Exceptional Poetry From Around the Web: April 2019
Here’s a short selection of some of the best new poems hitting the web this April. These five poets, both established and emerging, deserve your attention and support—featuring work from: Amanda Gomez in [PANK], Dan Kraines in Adroit Journal, Sam Rush in Glass, Zach Linge in The Journal, and Sahar Muradi in Poetry. Enjoy, and be grateful, knowing so many talented poets and magazines are making our community beautiful.
Rita Moreno Re-Wears 1962 Oscar Dress
by Amanda Gomez in [PANK]
I wear the galaxy like a dress: little suns
bending in their own orbit.
I’ll be honest—I lost it at “little suns.” In “Rita Moreno,” the poet Amanda Gomez speaks of longing, but with a constant orientation towards the self. This is a poem of self-betterment, one constantly striving towards independence. The lines trudge through the bleak, determined and declaring: “Please, don’t take me for tragic.” This is not a request for permission; it’s a-‘you’d be foolish to try.’ In her little poem, Gomez places delicately the images she uses, and, despite multiple, multiple readings, I find a new way to be taken aback by this poem every single time.
by Dan Kraines in Adroit Journal
I want a new body but
get a haircut instead
One of this year’s six Gregory Djanikian Scholars for the Adroit Journal, poet Dan Kraines writes of closeness. Hyperaware of others’ bodies, the narrator of the poem gets a haircut, letting their mind meander around their barber. Most interesting is that, in a poem with sexual overtones, about the body and gender, little is actually sexualized. The body is hardly more than a means of appearing, of little more importance than any other feature of a subject’s description—”You softly bump / your crotch against me as you begin to buzz / the side of my head, what’s left from what fell out, / you who wears a pompadour, a white / tank top and checkered tights; you regret that you / were the one in high school who pulled kids out / of the closet and told them they were queer…” This is a masterfully sculpted poem.
Sonnet For Speech Too Soft & You Who’ve Yet To Choose A Name
by Sam Rush in Glass: A Journal of Poetry
Today I keep
the speaker out of me for long enough
to watch a swallow swoon the ghost of song.
Each recollection: a revisioning. Poet Sam Rush, with deliberate pacing, tells & tells a story. Every shape of the narrative laid bare. A thing happens, once, then again & again. The poet writes, ” Once. I took a man at eyes & / out his mouth a stack of breath fainted, lay / still & still hot & silent at my feet. / Once. There was a last whisper that found me.” Each remembering is also a futuristic vision, as the poem concludes with openness towards the possibilities of what could be.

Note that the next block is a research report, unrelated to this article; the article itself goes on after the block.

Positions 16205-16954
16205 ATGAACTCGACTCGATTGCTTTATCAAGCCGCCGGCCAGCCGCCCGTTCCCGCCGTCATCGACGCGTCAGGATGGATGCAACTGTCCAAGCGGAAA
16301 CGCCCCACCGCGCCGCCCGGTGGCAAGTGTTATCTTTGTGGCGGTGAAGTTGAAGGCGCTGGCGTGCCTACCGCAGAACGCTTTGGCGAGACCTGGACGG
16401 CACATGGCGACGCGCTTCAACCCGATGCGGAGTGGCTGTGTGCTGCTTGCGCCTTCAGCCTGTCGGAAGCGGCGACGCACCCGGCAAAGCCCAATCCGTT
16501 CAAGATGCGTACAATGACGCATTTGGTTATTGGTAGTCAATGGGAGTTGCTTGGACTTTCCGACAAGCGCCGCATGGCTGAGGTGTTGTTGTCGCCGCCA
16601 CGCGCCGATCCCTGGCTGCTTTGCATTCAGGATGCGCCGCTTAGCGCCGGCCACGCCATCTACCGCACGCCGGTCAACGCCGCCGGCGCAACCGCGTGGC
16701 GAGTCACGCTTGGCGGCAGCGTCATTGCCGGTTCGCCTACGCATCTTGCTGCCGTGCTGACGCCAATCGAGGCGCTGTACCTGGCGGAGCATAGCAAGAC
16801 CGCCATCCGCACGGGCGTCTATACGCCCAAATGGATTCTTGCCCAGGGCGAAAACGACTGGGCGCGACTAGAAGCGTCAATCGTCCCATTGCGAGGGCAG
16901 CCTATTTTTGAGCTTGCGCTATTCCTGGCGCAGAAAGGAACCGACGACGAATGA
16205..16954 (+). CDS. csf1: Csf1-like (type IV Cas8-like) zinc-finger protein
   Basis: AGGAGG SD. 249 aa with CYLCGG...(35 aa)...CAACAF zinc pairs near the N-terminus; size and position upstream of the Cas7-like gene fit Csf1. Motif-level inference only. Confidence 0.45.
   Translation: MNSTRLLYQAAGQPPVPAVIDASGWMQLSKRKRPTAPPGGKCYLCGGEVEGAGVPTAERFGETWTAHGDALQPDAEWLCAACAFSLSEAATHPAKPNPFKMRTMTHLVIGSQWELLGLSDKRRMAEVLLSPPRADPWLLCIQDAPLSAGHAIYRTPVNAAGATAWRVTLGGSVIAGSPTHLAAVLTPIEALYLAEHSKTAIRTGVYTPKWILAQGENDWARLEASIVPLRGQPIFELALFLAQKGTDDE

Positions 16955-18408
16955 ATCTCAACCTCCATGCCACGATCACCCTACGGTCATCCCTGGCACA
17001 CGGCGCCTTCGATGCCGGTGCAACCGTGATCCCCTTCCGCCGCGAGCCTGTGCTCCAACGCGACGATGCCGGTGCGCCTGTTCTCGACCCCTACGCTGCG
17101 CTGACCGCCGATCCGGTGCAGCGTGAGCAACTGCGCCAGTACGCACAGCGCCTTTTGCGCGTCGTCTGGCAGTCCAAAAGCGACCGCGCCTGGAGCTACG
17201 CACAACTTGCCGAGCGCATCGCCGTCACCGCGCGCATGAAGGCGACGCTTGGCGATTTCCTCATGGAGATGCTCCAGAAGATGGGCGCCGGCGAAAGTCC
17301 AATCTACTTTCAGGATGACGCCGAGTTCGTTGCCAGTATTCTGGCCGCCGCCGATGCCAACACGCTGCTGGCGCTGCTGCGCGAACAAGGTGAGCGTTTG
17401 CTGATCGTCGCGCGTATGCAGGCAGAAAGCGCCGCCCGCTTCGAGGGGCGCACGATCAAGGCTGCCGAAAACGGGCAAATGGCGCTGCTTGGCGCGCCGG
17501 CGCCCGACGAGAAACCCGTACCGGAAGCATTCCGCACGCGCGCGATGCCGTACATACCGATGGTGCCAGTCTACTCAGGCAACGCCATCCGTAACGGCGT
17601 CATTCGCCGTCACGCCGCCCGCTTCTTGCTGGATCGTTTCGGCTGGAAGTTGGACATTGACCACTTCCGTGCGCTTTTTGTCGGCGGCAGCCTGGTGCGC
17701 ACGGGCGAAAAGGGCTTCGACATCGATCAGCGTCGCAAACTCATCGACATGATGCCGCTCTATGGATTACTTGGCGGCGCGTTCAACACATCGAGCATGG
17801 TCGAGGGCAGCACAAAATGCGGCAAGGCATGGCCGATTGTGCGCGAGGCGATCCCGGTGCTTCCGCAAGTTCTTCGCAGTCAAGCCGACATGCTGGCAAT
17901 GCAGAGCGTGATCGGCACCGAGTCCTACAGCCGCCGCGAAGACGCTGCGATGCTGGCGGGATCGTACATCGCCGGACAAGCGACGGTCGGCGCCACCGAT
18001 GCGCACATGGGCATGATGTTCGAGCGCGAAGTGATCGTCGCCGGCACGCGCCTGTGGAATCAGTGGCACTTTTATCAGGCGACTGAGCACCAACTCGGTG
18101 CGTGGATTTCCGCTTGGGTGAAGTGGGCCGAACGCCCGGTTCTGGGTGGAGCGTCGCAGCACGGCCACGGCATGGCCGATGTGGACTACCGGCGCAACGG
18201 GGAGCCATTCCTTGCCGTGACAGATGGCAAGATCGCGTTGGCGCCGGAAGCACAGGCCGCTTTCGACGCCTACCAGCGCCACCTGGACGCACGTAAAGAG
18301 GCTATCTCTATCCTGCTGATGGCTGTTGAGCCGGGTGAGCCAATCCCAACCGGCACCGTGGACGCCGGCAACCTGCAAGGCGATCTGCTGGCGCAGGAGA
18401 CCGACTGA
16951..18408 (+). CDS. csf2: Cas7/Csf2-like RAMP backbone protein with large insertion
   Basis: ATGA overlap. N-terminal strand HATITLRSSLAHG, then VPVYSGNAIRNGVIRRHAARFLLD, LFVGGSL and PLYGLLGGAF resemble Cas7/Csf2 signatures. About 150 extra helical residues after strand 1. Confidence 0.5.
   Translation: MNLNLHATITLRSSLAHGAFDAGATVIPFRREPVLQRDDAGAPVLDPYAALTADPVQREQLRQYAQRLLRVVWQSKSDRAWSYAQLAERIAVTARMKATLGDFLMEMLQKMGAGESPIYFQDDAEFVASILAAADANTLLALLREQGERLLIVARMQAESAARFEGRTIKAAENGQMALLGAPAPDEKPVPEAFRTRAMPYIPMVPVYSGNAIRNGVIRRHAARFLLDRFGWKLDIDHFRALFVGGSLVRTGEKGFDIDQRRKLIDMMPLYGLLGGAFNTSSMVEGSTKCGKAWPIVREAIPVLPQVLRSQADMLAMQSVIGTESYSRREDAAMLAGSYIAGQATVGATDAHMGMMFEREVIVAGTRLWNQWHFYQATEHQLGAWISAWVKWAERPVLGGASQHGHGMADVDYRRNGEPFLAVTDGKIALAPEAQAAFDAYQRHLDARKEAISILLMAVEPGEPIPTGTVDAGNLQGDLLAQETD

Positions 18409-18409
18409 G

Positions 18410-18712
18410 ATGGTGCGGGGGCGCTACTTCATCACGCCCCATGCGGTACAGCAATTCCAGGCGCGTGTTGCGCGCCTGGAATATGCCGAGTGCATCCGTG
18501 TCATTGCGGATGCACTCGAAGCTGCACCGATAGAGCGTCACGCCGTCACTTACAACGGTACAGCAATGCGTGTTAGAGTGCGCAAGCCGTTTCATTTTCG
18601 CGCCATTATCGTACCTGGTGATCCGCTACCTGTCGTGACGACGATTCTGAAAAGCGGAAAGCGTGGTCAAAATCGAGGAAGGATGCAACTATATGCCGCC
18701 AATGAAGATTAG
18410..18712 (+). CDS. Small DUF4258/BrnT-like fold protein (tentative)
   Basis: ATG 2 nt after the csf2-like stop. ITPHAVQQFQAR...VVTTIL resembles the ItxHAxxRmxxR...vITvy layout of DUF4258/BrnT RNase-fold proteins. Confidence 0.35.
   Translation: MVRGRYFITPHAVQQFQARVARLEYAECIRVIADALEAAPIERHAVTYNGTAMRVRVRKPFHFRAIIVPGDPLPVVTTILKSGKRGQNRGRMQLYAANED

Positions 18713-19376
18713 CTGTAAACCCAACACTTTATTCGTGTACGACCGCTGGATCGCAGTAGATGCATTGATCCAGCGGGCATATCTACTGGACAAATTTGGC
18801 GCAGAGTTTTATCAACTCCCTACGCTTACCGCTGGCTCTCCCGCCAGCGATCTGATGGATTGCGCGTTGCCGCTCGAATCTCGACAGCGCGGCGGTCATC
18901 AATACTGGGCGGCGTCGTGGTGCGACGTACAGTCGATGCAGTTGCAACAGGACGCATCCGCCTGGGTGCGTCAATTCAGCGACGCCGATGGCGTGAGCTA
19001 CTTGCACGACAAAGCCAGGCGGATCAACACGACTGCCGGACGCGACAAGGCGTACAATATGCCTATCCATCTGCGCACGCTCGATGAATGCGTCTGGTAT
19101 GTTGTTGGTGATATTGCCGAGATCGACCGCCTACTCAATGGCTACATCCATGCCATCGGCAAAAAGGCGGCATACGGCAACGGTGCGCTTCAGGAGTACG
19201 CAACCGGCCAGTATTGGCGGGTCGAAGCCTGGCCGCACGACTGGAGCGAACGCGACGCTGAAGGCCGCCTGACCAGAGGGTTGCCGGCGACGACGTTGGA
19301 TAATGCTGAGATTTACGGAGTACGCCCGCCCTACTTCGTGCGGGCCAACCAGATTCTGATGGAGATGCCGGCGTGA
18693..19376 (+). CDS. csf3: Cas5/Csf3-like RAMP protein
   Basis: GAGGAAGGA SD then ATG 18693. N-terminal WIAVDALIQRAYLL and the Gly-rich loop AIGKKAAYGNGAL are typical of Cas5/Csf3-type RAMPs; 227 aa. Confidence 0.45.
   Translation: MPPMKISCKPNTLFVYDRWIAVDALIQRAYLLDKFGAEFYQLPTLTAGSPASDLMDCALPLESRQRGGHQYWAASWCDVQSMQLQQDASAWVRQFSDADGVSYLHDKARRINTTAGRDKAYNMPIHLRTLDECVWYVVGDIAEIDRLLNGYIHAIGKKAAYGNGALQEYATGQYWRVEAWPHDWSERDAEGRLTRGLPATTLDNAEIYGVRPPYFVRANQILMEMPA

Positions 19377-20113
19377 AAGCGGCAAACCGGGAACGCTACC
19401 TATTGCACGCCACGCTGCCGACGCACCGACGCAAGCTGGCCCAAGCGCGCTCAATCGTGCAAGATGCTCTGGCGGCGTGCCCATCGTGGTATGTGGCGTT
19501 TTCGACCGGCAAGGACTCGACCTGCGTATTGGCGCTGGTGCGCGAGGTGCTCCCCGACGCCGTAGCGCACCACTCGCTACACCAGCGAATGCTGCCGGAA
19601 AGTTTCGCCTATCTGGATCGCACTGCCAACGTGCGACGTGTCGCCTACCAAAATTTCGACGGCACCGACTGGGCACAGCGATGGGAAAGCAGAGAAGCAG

by Zach Linge in The Journal
smoke lazy-cherried American
Spirits, arms clacked in glitter.
The poet Zach Linge invokes the ghazal, and the felt form delivers. The repeated word-glitter is metaphorized into an unintended and unreckonable function—getting & staying everywhere. Glitter, then, becomes a reminder, a persistence. Linge writes, “The knee- / cap, the flat thigh roped in thin / shorts, the leg inside, glitter. I / check each of my testicles and / they are glitter.” The poem’s promiscuity then hides in the repeated image of glitter, as the stuff begins to cover everything. This is a poem that invites several re-readings: a joy to read aloud.
by Sahar Muradi in Poetry
in my used country I felt his teeth
circle as a mosquito the black mystery
he placed my right hand over my wrong
stain said he was bringing me home
As part of the Halal if You Hear Me folio in this month’s Poetry, Sahar Muradi’s work stunned me. I admire this poem for how much is suggested, and how much is left open to interpretation. Phrases stumble over each other, blurring image after image; the reader is taught to accept this or risk staggering over their own reading of the poem. Different languages and possibly even different generations interrupt each other, as the speaker moves from telling others’ story to telling her own. Notions of lineage, turmoil, and pride are introduced, then placed in the hands of the reader, often without conclusion of the ‘usual’ narrative arc—the only movement a change in language. This is a poem I’ll think about for days.
Bailey Cohen is an Ecuadorian-American poet studying at NYU. A finalist for the 2018 Boulevard Contest for Emerging Poets, the runner-up for the 2018 RR Laux / Millar Poetry Prize, and a Best of the Net nominee, he serves as the editor of Alegrarse: A Journal of Close-Readings and as a contributing writer for Frontier Poetry. Bailey's work has been published or is forthcoming in Boulevard, Raleigh Review, The Penn Review, Glass: A Journal of Poetry, The Shallow Ends, Boiler Journal and more. He loves everyone Latinx.